3/30/2013

I’ve been experimenting with audiobooks.

mykin Del AudioI’m finding I prefer to read books.  Audiobook narrators read too slow for me so my attention drifts. I really don’t like women narrators imitating male voices—sounds corny at best. Another disadvantage of listening to books involves my Looked It Up posts. Audiobooks are not conducive to highlighting or jotting down words to look up.  For me, hitting stop creates a harsher break, and in spoken sentences pauses feel more disruptive to the story. Yesterday, I finished Some Girls Bite, Book 1 of Chloe Neill’s Chicagoland Vampire Series- narrated by Cynthia Halloway. I liked the story and the narrator was good—her male voices were better than most. But I didn’t write down a single word 😦  Chloe Neill likes to use a hundred dollar word where a five buck word would work, so there were plenty words I would have liked to look up and learn more about.  Hence, no Looked It UP post this week. Sorry, but I did create a new Kindle Guy image for you . (Please pretend my earbud doesn’t look like a shower head.)

So, what are your thoughts on…

Listening to audiobooks VS Reading them?

Narrators imitating voices of the opposite gender?

People who claim listening to a book doesn’t count as reading a book?

Please share your comments!

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7 Comments

  1. a girl who reads

     /  03/30/2013

    I don’t like audiobooks either. I lose focus on what they’re saying very quickly because, like you said, they read too slow and I get bored. Plus, I can’t make notes or hightlight the lines I like.

    Reply
    • I’m sorry for the delay in approving your comment so it posts–it sneaked past me somehow.
      I get frustrated when I can’t mark a passage I like as well.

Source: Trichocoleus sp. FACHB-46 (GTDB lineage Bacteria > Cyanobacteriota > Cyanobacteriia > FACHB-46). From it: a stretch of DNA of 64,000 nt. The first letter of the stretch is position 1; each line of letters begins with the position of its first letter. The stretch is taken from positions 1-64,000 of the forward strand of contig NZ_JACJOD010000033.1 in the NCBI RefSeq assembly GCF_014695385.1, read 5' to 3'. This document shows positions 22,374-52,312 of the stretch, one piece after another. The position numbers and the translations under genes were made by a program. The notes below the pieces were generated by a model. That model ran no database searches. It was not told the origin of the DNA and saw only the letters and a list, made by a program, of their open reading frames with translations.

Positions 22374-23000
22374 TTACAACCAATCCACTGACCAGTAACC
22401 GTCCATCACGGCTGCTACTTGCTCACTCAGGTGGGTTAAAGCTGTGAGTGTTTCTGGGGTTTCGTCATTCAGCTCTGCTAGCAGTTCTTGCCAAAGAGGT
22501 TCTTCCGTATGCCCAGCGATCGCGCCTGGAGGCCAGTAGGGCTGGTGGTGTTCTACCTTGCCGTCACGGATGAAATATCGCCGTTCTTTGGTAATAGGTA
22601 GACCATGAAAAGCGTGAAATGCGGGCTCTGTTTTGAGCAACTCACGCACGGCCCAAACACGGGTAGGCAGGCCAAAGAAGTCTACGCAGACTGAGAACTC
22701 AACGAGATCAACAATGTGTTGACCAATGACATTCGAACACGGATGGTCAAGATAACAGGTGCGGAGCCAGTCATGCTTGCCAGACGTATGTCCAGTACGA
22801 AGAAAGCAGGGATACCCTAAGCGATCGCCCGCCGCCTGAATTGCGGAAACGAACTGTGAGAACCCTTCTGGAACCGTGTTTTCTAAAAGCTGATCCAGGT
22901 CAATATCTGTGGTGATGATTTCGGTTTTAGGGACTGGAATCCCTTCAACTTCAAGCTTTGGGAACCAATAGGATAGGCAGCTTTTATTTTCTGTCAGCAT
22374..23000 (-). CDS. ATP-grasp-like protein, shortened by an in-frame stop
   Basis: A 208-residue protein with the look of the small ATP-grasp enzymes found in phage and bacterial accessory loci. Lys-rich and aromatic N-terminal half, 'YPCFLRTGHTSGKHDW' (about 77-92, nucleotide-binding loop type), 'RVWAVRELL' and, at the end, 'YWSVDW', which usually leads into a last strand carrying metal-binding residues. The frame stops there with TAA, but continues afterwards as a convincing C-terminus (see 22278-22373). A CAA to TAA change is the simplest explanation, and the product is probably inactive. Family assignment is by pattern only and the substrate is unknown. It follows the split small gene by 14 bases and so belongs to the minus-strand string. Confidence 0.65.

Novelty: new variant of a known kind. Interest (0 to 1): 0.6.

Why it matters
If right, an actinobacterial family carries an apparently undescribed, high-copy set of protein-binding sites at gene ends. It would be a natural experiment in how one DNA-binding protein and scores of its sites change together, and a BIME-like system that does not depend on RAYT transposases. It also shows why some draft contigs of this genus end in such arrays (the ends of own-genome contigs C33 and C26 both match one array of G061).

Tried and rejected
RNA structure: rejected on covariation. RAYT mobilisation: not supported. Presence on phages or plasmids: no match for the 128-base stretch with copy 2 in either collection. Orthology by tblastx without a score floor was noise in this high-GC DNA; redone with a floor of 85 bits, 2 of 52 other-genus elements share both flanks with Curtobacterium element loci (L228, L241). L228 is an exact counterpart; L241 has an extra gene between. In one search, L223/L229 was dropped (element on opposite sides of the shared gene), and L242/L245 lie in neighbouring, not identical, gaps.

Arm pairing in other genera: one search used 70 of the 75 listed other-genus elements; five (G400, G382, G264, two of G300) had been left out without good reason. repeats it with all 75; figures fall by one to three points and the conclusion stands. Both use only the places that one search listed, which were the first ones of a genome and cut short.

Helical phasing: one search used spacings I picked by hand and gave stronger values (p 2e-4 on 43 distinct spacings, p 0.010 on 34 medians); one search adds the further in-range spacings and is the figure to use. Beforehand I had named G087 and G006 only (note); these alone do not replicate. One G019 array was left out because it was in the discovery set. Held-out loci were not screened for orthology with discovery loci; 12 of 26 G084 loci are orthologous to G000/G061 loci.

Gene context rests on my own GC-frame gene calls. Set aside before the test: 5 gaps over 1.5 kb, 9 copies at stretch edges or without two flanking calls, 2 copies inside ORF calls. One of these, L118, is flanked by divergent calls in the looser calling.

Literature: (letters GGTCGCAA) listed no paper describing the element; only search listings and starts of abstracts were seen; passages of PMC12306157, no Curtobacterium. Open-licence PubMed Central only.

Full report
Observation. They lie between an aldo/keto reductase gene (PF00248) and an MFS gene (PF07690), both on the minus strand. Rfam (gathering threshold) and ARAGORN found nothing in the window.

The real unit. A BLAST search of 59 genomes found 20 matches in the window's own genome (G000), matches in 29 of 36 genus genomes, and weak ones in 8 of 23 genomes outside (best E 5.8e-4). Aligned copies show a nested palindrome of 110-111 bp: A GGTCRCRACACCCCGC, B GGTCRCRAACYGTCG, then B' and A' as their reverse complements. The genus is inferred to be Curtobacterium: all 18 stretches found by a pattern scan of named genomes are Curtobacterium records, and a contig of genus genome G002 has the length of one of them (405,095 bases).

Reply
  2. I find that there are circumstances where I enjoy an audiobook, such as when I am driving or as I drift off to sleep. Generally, however, I also prefer reading. if I am going to be transported to a different world, which is why I read fantasy, then I need to block out all the evidence of reality, sort of like Christopher Reeve time-travelling in Somewhere in Time.Because I can look around or be otherwise occupied while I listen to a book, I remain too firmly grounded in the real world to truly escape.

    Reply
    • Reading is one of the few things that holds my ADHD attention completely. I think the eyes working over the page keep me tuned in. Also a fantasy reader, I too get sucked deep into the world when I read.
      Also I read fast and can adjust to the speed that my mind works.
      Average adult readers read at 250 to 300 words per minute (WPM)
      Audio books narrators are trained to read at 150-160 WPM. I think I read faster than average so that’s a big difference in speed.

      Thanks for commenting.

      Reply
  3. Judy Westerlund

     /  03/31/2013

    I really enjoy audio books. I have a 45 minute drive one way to work and listening to books makes my drive more enjoyable, less boring. I have very little time at home to sit down and read so listening to audio books on my way to work allows me to satisfy my love of books. I still do read when I have the opportunity and can keep my eyes open at night.
    Narrators reading voices for the opposite sex doesn’t bother me. Sometimes a particular narrator will annoy me and listening is less pleasurable, but that is very rare.
    I find that listening to books enhances the reading experience, especially with particularly skilled narrators so I think that listening can sometimes be better than reading and absolutely counts as reading. Why do we read books to young children who can’t read yet, if not to have them experience the pleasure and excitement of books?
    Recommended listening experience – Water For Elephants by Sara Gruen. Great story and narrators were great. Used 2 different voices for the main character – one when he was a young man and one as an old man.

    Reply
    • Thanks for commenting Judy.
      If I had a long drive or commute to work I would most definitely listen to books, even if I personally prefer to read. I’m glad both forms are now commonly available. I think the debate that listening doesn’t “count” as reading is ridiculous. The reader takes in the words, and Author’s message in either format. I loved being read to by teachers, Caddie Woodlong, Little House Books. I think it allowed me to grasp broader stories that would have been painful at my reading level.

      Reply
  4. I liked being read to as a kid. I have fond memories of Mrs. Nelson my 3rd grade teacher reading CHarlotte’s Web (& others) & doing all the different voices. Now if someone is reading aloud: I want to be able to read along. Seems I can’t follow along just listening.

    Reply

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